Leonard Neufeldt


A long whistle echoes
change in the air,
argues nearness
from the valley’s far side,
an oncoming
making adjustments
to find you

the already, the moment’s
burst, car after car
counting spaces,
rushing them away
as though the world
has got to be emptied
like evening,
the absence naked
as the mountains

and the V-shape lifting
from out the dead tree,
its glide alone
into the dark

and you almost ready
for the suddenness,
for the beauty of desolation,
the day’s end
exactly this


North of the Assiniboine

The wheat fields’ roll
and roll of dark afterlife
explaining the gold

the air whiter, a change
cottoned like a gathering
from sleep, and inside the wind
where you stopped
ribbons of first snow, small seizures
busy with the silence
of following each other
across the gravel road
like the fluttering in you alive
to what is on the other side

Because you lay your map aside
and wait for the fibrillose tempo
to ease, the fields
grow larger, a sudden
getting-clear-of, a triangle
of blue all the way to the horizon,
to a lone spruce black against
the margin’s emptiness,
your eagerness to . . .

Say them, words of winter,
like a stammering of first love,
the syllables finding themselves —
so simple

Leonard Neufeldt

We humans find our being and identity principally through two kinds of relationships, each of these a kind of nearness. The first is relationships with fellow human beings, especially those inhabiting our particular living world. The second is relationships with what is usually referred to as nature, whose shadowed voices are also our family. It is this family of nature that I have been exploring in a lengthy new series of poems titled More-Than-Human Nearness, a wording that I have borrowed from David Abram. My two poems appearing in Leaping Clear deal with this latter family relationship, one of joy, mystery, danger, deference, and inspiration.

What does all this have to do with meditation? Let me focus on the word “deference” in the previous paragraph. The philosopher Emmanuel Lévinás defined prayer as “infinite deference.” For me meditation is a conscious deference to humans but also to my natural world. With respect to the latter, meditation takes more than one form. We have a home surrounded by gardens, and at eighty years of age I am still the sole gardener. Almost every day of the year I can be found in the gardens, often on my knees, in solitary and rich communion with my botanical family. But I also hike as often as possible, and my quiet walks take me down narrow corridors through high conifers, ferns, mosses, and lichens. Not infrequently I return to my office to write while humming melodies of classical works and sacred music as I wait for the next word, line, or stanza. (This deference to music probably has much to do with the fact that my father was a choral director and I have been much involved with music for much of my life.) For me, then, meditation is the kind of deference I have described, a consanguinity that solicits my deep respect, calm attention, and homage.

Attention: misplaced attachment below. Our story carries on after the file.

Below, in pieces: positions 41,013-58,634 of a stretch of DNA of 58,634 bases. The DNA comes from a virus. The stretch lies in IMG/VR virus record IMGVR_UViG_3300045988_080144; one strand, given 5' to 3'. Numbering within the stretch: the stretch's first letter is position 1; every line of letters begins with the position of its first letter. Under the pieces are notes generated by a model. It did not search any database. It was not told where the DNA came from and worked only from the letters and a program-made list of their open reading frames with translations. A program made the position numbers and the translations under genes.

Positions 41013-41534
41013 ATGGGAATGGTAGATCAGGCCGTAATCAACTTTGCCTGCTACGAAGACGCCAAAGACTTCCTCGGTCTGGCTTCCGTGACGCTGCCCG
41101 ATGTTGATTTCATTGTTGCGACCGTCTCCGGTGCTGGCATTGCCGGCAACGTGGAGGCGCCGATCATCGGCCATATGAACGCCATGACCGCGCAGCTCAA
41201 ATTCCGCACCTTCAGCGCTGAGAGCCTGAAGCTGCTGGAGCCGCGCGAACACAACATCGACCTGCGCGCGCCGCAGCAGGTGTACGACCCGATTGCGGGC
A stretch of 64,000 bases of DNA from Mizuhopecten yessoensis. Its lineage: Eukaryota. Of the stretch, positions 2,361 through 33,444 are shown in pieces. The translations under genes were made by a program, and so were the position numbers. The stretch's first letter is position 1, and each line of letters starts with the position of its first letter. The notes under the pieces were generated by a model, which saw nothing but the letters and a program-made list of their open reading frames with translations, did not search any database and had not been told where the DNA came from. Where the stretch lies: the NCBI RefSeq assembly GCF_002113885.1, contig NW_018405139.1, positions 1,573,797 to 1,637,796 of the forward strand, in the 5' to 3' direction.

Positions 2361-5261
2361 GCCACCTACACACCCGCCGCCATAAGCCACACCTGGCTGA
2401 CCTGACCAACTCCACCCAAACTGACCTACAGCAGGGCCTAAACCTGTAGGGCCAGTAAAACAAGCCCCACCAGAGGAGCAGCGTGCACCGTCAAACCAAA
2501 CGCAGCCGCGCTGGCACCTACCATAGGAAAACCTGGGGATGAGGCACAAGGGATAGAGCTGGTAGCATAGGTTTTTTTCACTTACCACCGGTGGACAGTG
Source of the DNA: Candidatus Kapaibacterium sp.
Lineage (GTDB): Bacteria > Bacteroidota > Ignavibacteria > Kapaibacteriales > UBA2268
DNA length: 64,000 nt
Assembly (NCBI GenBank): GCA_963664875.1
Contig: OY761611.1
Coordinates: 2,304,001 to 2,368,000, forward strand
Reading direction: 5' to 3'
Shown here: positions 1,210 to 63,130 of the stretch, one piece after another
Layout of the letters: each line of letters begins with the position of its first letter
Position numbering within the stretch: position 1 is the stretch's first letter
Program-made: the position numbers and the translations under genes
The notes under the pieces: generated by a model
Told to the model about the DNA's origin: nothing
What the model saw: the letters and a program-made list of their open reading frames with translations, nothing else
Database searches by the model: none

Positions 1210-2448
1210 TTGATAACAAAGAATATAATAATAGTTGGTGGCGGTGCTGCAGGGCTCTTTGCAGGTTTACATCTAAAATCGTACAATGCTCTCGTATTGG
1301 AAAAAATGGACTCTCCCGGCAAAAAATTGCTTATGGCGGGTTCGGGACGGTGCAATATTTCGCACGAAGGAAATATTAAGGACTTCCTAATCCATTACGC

Leonard Neufeldt hails from the mountain-valley hamlet of Yarrow, British Columbia, which in his boyhood was a community of immigrants, the majority of them refugees from the Soviet Union. His grandparents and father, under arrest and scheduled for transport to the Gulag, escaped from Stalin’s security forces and fled to Canada via Spain, Cuba, Mexico, and northbound American railroads. Neufeldt received his education in Canada and the U.S. He and his wife have resided in the U.S. and abroad (Europe and Turkey), a minor part of this time working for an arm of the State Department. Home is in Gig Harbor, WA.